Nan had written about wanting her eye to be her camera, for there to be ‘no mechanism between me and the moment of photographing’. The other woman had wanted this too, but more perhaps because of a wish to be invisible, or at least invisible in terms of taking photographs, because unlike Nan’s lovers and friends, she is certain those close to her would not wish to recorded at all and every moment, caught forever, irrevocably, a butterfly skewered on a pin.
‘How do your friends feel about the pictures you take of them?’ the interviewer says, reading from her list of scribbled questions.
‘Nothing is taken without their complete collaboration. There has to be trust. They always know and often initiate it. The problem is, sometimes people go through periods of personal revision where they don’t want aspects of their lives to be shown, so I try to respect that. One of my big motivations is to leave a record that nobody can revise, because both personally and socially I come from a revisionist culture where history is constantly rewritten.’
The interview comes to its close; the interviewer asks if she can take her subject’s photograph. Nan agrees and says she’d like a cigarette, maybe they could go outside? In the afternoon light they sit together smoking, chatting now about alternative communities in the US and the UK, about Tepee Valley in Wales and the convoy and Thatcher and Reagan and AIDs. Broken dreams and broken promises.
Then the time comes to take the photograph. In their respective practice, one of them photographs what is there, is real, is a moment out of time. The other creates it, art directs it, choosing a location, relying on natural light, asking her subject to sit in such a way, to direct his or her gaze in a particular direction. One of these women is already a success, is on her way to world renown, the other is a shadow. Now on the broad flight of steps next to the ICA, the shadow is lifting her camera and photographing the photographer. There’s a roll of black and white film in her SLR and a wide angle lens fitted. The steps provide an interesting graphic effect, receding into the background like an exercise in perspective. The American woman sits on the steps. She is very relaxed and comfortable, easy in her own body. Two, three, possibly four shots are taken, and they’re done.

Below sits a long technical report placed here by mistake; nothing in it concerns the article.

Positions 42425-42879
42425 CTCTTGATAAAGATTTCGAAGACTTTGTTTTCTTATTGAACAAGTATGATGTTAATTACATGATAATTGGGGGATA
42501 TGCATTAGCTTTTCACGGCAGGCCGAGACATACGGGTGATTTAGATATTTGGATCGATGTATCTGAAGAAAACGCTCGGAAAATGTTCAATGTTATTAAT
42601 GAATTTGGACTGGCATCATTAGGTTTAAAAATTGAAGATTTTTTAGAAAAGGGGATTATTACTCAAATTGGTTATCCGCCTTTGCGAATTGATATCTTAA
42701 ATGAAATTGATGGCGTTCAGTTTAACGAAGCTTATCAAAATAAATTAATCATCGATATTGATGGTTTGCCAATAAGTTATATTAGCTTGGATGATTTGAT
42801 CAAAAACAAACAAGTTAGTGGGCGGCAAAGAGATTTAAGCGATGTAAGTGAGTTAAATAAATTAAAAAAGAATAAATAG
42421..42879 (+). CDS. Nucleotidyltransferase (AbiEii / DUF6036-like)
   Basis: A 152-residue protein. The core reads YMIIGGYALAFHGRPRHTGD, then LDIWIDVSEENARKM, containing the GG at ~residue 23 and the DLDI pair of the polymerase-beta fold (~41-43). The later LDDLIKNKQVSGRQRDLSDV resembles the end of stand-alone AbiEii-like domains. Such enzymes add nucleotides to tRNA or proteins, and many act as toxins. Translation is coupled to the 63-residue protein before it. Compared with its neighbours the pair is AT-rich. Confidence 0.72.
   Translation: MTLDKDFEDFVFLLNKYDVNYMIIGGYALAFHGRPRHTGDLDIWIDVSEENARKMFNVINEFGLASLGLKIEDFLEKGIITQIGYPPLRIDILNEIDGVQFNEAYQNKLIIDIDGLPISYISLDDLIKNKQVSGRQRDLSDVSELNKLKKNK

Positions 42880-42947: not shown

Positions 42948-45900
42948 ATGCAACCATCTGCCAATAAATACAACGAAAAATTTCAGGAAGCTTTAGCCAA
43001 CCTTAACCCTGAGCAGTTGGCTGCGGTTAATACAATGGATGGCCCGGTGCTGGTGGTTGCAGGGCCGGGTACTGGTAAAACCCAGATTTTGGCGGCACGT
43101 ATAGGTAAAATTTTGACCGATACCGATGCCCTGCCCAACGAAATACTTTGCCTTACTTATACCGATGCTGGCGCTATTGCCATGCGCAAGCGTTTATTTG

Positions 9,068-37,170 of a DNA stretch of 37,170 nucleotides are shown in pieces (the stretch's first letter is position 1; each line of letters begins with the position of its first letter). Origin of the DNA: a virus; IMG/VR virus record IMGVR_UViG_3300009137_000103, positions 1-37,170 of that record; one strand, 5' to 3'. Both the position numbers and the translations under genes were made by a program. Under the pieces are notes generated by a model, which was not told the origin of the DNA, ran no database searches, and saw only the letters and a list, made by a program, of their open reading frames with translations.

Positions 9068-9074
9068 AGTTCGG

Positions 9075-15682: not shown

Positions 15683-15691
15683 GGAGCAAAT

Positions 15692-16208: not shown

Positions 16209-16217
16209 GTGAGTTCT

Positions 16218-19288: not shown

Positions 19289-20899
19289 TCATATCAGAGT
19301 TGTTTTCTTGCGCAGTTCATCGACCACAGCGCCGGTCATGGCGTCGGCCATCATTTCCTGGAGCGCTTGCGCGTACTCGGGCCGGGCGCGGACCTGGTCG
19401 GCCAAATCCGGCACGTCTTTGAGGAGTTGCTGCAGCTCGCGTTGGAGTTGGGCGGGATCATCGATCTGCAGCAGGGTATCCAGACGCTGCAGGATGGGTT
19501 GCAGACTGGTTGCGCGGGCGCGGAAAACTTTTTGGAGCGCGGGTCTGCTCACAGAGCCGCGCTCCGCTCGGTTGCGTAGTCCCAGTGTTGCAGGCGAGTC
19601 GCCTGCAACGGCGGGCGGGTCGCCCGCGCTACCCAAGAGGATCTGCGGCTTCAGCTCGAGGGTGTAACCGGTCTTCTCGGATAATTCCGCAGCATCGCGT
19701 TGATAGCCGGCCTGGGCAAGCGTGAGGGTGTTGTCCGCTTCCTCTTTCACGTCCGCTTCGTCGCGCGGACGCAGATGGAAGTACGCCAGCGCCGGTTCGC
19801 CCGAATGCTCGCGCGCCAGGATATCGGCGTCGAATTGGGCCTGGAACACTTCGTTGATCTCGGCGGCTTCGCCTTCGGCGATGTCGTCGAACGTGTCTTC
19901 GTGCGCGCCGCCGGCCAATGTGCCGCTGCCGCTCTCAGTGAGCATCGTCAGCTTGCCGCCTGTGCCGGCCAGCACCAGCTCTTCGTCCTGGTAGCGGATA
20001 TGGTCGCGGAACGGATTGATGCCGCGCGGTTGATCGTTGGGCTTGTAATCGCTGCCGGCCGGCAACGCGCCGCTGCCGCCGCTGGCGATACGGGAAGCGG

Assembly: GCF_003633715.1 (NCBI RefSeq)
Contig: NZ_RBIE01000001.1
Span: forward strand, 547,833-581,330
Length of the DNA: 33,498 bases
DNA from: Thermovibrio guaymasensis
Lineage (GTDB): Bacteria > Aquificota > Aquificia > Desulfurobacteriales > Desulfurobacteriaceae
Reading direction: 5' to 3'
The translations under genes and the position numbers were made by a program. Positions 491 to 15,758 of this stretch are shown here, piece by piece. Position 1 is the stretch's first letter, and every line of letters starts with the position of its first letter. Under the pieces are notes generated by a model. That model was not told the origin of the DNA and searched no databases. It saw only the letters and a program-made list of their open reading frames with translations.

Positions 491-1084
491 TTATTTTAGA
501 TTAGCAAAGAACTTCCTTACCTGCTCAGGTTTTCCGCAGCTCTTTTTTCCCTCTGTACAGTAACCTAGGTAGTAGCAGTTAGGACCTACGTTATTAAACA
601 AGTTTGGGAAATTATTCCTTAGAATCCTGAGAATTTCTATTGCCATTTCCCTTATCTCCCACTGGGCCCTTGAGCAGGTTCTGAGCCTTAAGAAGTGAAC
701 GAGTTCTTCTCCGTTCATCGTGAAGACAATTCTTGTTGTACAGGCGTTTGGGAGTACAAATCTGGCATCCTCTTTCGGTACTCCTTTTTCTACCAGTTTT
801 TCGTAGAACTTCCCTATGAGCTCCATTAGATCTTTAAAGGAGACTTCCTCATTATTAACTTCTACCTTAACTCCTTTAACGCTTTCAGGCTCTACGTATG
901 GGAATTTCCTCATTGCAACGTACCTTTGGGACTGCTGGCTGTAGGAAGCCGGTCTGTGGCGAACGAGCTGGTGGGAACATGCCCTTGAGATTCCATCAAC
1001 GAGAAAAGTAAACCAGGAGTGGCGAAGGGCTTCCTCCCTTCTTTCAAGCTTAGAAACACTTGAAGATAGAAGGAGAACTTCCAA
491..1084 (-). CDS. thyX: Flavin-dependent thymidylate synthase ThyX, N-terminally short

They part company, each thanking the other. One promising to send the published article to the other when it comes out.
But it never does – the magazine that in a sense sponsored the whole affair decides that it can’t be of any interest to its readers as no one knows who this American woman, Nan Goldin is.
Time passes. Shadows shrink and grow, the sun rises and falls many times over. Nan’s fame and influence grows. She is celebrated for her honesty, her single minded vision, originality and consistency – then damned by some for the same.
The other woman takes a different path, moves home several times, loses the original cassette on which she recorded the interview, misplaces the written transcript and the negatives for the portrait, mysteriously has only one half of the written up article and can only lay her hands on one print from the photos she took. It’s in a frame, she has to remove the tape and pull out the framer’s points to open it up. She places it on the glass surface of the scanner. It’s over twenty years since she took it. But here it is – something real.